In Hope is the thing with feathers, Emily Dickinson attempts to cheer up those around her, for example trying to console Betty, by promising to her that Henry is alive and well, to which Betty responds, “I thought poets were supposed to avoid clichés”.
In The Soul has Bandaged moments, Betty talks of her relationship with Henry. At first, she blamed him for prioritizing the newspaper over their family’s safety. But since he’s been gone, “writing stitched us back together again…it became a source of hope.” And she anxiously awaits his next letter.
In This is my letter to the World, Henry finally arrives at Higginson’s camp at the same time the latter receives Emily’s letter. All while Henry’s own wife still waits for a letter from him. Higginson is constantly apologizing and vows to “do better”. He eventually gets to the point, and reveals that he wants Henry to train a black regiment in literacy. When Henry arrives, he experiences a bit culture shock. His Massachusetts upbringing does not jive with that of the formerly enslaved black people, and they balk at his mission. It turns out that what they need most are basic amenities like food, new clothes, and to finally be paid.
In Sang from the Heart, Sire, during Henry's literacy class, one of his students reveals that he can see through time.
In A little Madness in the Spring, on the frontlines, Henry is finding it increasingly difficult to motivate the black squadron. He believes Higginson’s promise that a successful uniform inspection could lead to their being armed, but the others have seen this trick done before. To inspire them, he brings out his sewing kit, and talks of his life. Henry has been writing letters to Betty that he refuses to send. “Maybe it’s better they forget me,” he says, “as odds are they’ll never see me again.” But little does he know the harm he’s causing back in Amherst. Nevertheless, Henry advocates for making the small changes they can, rather than feel useless in the face of things they have no sway in. “The world tore my family apart,” he tells them, “and sadly my sewing skills can’t mend a broken community or a broken heart. But what I can fix is a uniform”. Unfortunately, Henry’s uniform inspection does little to change the situation of the squadron. Despite an advancing army, Higginson waffles, in a true white liberal manner, on the issue of arming them. Both attempts at group liberation are blocked by the white men in charge, but it’s significant that Henry sees the pain of the black soldiers and vows to step up the fight, because this is his duty and his life.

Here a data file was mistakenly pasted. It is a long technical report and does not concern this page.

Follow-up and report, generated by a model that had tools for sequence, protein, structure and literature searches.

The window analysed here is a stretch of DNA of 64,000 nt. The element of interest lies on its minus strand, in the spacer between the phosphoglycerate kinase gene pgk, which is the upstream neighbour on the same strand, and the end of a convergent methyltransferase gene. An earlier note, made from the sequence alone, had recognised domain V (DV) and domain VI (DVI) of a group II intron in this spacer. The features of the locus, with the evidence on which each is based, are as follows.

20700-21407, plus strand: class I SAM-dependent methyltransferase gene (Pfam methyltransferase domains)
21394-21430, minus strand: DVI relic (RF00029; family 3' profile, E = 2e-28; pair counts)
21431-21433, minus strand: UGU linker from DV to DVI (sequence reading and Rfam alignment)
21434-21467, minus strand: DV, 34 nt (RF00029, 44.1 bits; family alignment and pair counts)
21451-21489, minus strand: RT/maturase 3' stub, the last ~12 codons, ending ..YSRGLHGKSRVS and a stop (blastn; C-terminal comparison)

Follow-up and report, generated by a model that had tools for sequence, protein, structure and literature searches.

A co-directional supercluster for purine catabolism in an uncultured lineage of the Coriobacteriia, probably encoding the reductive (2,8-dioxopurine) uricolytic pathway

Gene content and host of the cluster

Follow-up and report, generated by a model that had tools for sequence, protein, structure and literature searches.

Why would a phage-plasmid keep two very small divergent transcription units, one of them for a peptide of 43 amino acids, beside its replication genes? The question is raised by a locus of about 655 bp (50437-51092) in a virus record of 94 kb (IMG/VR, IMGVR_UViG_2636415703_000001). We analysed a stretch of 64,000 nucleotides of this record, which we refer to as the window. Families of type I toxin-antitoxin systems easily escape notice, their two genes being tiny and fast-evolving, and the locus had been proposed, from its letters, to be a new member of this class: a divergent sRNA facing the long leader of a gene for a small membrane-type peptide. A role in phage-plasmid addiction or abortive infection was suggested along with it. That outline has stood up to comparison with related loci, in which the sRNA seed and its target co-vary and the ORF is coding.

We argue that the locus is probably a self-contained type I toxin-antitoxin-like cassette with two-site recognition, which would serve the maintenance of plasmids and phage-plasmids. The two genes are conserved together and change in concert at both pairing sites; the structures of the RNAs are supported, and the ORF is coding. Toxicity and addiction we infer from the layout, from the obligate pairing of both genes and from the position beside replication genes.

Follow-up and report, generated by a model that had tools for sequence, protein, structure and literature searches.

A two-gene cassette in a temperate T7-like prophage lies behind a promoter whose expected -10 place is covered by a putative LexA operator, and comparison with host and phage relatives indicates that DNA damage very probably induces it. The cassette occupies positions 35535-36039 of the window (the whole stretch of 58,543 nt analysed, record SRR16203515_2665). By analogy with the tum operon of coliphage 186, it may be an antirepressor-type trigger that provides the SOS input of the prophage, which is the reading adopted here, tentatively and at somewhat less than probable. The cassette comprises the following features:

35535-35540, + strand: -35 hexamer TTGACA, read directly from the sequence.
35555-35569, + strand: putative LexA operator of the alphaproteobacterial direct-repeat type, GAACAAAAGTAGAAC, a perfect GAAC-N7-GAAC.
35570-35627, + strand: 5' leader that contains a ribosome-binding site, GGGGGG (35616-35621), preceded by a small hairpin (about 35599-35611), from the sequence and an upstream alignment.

In The Future never spoke, unbeknownst to Henry, Sojourner Truth encourages Betty to get back out into the dating scene. This coming after Freddie arrives with nothing from Henry. Sojourner plays matchmaker and persuades Betty and Freddie to go on a sunny stroll. On the frontline, Henry informs Higginson that the Confederate soldiers march toward their encampment, and the regiment still doesn’t have weapons. Higginson claims Henry’s crew must solidify the barricade and that he needs approval from Lincoln to grant them guns. But Henry asserts rightfully that that won’t suffice. So, Higginson relays to Henry to intercept a fresh rifle delivery and circumvent authority altogether. Back Armherst, Freddie informs Betty of Henry’s whereabouts and that he’s in Buford serving in the South Carolina volunteer regiment. While there’s no correspondence from Henry, Freddie says he hears the rumors. Henry for his part finds himself strategizing with the regiment regarding the rifle interception.
In My life had stood - a loaded gun -, unbeknownst to her, Betty is disraught by his lack of contact. Then thanks to Death's abilities, Emily finds herself on a battlefield, with Death’s carriage running through. She watches at Henry’s regiment fights the confederates. The battle itself reeks of budget constraints; when Henry overpowers a soldier, his regiment sees victory is at hand.
In Grief is a Mouse, Higginson sees Henry’s regiment has seized victory without his help, and afterward he announces his intention to visit a certain young Amherst-based poet by the name of Emily Dickinson. Henry mentions his acquaintance with Emily. Higginson is shocked and recites one of her poems, and Henry walks off with him, presumably sending a message to go to Betty after all.
In This was a Poet -, once Betty is done with Emily's dress, she comes down, where Higginson hears her name and runs out to tell her of Henry’s bravery. The fact that he lives is enough to bring Betty to tears, and that’s before he brings out the bundle of letters from her estranged husband.